C.H. Robinson Worldwide Inc., the biggest freight broker in North America, will double its technology spending over the next five years as it fends off challenges from a growing field of digital startups.
The Eden Prairie, Minn.-based company plans to spend $1 billion to hire more data scientists, engineers and developers to expand its technology and develop new services in an estimated $86.5 billion U.S. domestic market for managing freight transportation.
The spending plan comes as digital freight-booking startups such as Uber Technologies Inc. ’s Freight unit, Seattle-based Convoy and New York-based Transfix Inc. are jockeying to take a bigger slice of the truck-brokerage market with technology that aims to connect truckers with shippers more efficiently.
Their push to automate the manual processes in booking freight shipments, including mobile apps and clear views of capacity and pricing, is helping reshape freight brokerage.
That could reduce profitability for the middlemen that arrange the transport of goods for manufacturers, retailers and other businesses, Stephens Inc. analyst Jack Atkins wrote in a recent research note.
Some of the newer digital brokers “appear to be offering aggressive market rates to both small carriers and shippers in an effort to build scale and take market share,” Mr. Atkins wrote. “These market players are now big enough to impact market pricing, and we believe this is causing established players to accelerate technology investments to drive higher productivity as they look to defend or expand market share.”
Established transportation and logistics companies including XPO Logistics Inc. and J.B. Hunt Transport Services Inc. are also spending millions to automate and digitize their brokerage operations. XPO Logistics has increased its capital spending from $504 million in 2017 to a planned $650 million this year, the company said, much of it going toward technology.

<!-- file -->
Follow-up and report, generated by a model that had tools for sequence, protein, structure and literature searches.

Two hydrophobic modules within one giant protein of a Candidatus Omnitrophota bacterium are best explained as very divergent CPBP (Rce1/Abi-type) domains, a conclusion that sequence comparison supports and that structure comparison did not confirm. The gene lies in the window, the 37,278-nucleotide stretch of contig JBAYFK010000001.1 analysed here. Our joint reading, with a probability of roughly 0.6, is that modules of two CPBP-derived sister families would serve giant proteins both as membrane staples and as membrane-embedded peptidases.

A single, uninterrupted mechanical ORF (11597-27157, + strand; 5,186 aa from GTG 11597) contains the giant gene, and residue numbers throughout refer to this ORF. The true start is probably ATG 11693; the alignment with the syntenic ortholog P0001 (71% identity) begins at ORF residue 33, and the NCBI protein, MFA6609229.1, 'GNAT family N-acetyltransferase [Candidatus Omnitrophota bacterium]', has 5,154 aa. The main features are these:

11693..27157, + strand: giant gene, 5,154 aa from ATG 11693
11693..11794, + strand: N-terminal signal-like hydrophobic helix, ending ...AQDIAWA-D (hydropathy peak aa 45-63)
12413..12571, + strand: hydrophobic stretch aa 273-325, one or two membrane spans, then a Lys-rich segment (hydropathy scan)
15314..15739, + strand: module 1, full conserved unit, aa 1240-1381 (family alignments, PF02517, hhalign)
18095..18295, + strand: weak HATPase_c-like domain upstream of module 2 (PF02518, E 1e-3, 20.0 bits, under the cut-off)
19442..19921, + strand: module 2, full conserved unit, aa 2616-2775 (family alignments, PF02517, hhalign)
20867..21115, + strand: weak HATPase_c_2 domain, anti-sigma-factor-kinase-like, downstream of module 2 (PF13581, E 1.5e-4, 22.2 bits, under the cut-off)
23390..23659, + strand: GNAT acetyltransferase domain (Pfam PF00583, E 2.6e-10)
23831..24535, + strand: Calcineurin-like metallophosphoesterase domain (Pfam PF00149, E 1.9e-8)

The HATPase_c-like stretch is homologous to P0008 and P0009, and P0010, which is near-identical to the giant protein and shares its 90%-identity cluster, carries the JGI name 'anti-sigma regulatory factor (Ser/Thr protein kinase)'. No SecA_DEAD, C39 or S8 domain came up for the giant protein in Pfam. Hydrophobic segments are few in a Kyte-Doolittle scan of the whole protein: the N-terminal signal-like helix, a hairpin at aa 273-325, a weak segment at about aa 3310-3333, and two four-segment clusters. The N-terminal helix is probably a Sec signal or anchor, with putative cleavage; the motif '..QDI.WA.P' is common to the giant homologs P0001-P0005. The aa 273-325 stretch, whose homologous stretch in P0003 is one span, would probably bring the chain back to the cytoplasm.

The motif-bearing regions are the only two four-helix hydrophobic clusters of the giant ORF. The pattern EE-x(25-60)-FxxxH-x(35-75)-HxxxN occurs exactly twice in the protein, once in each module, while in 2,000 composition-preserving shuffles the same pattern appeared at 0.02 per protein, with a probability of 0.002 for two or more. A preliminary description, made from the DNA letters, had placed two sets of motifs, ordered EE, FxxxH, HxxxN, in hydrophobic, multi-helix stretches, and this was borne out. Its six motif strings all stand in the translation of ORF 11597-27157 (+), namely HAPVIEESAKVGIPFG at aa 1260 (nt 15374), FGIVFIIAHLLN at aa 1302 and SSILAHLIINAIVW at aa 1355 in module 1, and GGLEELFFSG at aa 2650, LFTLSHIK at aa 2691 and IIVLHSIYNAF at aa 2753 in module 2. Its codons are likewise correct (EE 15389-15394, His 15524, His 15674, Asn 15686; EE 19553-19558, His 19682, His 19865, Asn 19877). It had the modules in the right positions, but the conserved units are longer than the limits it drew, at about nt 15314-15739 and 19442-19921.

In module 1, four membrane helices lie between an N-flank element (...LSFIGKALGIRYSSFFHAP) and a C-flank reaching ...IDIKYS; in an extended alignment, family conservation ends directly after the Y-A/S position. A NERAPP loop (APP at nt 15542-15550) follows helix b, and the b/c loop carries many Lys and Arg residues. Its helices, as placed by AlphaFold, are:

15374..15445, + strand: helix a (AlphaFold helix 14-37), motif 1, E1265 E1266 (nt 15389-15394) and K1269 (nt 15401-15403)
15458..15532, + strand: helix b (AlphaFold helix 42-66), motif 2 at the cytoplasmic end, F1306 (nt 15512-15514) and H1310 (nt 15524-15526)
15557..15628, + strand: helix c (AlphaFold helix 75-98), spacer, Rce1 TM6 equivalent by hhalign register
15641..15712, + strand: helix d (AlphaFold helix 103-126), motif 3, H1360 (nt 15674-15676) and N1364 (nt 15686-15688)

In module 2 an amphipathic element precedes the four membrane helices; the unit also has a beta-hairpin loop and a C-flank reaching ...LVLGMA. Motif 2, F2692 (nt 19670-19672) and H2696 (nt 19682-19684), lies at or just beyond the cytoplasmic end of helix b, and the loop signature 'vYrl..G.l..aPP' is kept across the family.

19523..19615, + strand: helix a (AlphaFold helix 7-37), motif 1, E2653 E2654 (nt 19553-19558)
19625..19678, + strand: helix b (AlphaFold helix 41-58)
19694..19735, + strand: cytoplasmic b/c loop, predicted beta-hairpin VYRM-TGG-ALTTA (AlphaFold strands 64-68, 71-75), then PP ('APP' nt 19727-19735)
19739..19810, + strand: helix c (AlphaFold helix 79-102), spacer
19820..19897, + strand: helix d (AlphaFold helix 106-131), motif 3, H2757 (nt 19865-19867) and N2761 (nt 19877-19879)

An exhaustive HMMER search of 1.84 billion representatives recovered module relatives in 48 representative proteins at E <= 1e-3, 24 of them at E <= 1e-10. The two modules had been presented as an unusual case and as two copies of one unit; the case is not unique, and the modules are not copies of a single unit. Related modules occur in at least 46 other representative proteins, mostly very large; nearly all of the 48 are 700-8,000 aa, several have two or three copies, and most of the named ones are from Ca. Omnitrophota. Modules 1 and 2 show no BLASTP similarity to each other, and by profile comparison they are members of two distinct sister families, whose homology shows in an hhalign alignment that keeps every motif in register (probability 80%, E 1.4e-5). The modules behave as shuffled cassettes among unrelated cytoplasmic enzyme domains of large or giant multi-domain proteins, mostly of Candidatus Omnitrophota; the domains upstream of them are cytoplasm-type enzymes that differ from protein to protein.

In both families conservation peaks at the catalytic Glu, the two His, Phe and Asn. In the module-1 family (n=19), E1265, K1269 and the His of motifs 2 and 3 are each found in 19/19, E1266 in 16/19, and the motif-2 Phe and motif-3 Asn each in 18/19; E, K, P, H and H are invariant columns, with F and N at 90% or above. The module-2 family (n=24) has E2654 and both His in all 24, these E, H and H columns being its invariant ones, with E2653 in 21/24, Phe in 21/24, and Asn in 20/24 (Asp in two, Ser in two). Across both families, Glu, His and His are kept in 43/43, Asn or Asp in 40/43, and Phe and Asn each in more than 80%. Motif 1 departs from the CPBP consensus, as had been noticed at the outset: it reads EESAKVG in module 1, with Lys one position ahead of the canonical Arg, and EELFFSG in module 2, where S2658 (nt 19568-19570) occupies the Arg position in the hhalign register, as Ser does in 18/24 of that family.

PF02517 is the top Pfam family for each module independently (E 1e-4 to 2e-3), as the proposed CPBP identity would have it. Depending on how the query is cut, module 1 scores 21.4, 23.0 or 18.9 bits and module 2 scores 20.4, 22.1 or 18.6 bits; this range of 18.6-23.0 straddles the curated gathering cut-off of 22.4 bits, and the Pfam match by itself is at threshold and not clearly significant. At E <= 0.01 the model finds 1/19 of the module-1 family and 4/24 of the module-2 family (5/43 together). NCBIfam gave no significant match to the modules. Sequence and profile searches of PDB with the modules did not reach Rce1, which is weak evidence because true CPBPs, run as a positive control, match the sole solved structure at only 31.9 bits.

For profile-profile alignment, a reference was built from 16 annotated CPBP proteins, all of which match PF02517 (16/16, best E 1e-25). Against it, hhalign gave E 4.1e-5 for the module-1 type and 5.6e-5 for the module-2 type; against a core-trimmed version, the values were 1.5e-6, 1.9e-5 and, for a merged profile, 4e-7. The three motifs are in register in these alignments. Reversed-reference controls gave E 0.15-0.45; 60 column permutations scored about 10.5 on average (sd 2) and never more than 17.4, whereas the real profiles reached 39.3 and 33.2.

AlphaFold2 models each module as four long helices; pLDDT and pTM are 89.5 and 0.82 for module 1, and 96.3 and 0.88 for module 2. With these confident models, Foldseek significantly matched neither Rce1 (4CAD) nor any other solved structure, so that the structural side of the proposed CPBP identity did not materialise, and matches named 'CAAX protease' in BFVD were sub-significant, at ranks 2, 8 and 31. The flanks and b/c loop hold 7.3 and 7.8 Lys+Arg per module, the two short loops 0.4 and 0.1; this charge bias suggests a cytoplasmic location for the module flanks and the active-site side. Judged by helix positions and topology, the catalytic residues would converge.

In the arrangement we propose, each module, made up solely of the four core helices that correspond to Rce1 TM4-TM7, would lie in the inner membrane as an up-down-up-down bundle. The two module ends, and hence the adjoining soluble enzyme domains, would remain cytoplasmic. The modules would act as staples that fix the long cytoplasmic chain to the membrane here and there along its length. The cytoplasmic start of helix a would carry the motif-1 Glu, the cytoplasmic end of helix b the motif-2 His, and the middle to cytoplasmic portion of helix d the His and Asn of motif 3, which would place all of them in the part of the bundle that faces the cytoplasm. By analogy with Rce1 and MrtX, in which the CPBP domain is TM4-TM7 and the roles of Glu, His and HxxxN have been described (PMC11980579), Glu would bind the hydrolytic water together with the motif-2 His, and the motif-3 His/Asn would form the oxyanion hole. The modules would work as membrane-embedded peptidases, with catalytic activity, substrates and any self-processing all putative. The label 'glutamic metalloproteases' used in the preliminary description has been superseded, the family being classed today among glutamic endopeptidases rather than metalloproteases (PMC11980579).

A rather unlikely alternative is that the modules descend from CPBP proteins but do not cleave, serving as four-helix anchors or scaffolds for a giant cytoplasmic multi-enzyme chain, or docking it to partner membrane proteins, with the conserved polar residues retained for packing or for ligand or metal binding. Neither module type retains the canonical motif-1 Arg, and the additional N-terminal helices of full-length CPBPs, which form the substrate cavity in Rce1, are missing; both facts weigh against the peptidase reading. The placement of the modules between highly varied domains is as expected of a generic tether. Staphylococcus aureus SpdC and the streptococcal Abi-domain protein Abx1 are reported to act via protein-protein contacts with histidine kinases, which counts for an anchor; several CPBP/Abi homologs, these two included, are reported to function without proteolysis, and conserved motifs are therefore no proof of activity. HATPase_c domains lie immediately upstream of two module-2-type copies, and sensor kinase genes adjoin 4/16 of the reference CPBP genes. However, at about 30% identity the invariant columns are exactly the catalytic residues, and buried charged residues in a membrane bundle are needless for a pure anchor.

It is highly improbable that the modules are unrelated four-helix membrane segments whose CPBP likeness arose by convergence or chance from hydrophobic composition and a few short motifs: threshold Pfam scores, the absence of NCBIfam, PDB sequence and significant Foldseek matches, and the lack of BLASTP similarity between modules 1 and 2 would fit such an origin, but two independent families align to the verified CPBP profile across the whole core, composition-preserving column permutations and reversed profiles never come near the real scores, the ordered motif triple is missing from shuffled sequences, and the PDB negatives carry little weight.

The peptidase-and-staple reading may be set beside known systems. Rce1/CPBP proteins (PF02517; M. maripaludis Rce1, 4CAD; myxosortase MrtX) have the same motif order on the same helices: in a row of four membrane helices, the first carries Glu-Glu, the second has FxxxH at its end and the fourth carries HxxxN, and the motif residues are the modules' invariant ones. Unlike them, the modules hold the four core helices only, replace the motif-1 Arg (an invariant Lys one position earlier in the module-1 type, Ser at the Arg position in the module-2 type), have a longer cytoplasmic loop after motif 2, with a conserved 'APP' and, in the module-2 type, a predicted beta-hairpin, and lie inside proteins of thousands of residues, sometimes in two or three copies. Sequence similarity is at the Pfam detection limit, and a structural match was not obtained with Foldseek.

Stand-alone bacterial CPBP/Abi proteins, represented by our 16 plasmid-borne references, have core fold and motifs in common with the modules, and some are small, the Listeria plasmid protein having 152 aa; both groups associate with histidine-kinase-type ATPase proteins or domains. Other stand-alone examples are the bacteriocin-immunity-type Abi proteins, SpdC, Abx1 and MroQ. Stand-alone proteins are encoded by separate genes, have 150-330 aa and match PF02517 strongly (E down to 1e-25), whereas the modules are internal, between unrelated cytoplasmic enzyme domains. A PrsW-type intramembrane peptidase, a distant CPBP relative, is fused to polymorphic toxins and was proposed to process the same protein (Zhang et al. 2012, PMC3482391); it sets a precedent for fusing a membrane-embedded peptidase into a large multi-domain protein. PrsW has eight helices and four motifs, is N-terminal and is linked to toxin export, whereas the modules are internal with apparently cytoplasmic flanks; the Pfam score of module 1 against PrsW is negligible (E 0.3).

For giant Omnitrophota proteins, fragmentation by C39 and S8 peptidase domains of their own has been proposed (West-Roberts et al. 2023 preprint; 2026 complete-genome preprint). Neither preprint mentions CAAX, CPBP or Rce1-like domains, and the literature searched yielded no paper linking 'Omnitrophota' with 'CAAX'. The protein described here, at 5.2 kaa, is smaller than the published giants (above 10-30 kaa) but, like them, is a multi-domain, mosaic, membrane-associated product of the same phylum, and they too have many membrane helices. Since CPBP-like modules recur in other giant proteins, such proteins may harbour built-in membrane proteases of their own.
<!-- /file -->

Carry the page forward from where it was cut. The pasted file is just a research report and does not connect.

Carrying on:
C.H. Robinson Chief Executive Bob Biesterfeld downplayed the impact of the startups, noting the company is adding newly available technology at a rapid rate and that, after all, it handles far more business than its competitors, both tech-forward operators and traditional middlemen.
“We’ve been in the freight-matching business really since the deregulation of transportation in 1980,” Mr. Biesterfeld said in an interview. “We are around three times bigger than the next largest North American brokerage provider, and somewhere around 14 times larger than the combination of the two largest digital upstart brokerages.”
Founded in 1905 as a wholesale produce brokerage house, C.H. Robinson last year generated $16.6 billion in gross revenue from brokerage, global freight forwarding and other business lines.
The company is by far the largest player in a highly fragmented U.S. market. Research firm Armstrong & Associates estimates the domestic transportation management market, which includes brokerage and other logistics services, generated $86.5 billion in revenue last year. C.H. Robinson’s North American Surface Transportation segment, which provides trucking and other freight services, counted $11.2 billion in gross revenue last year.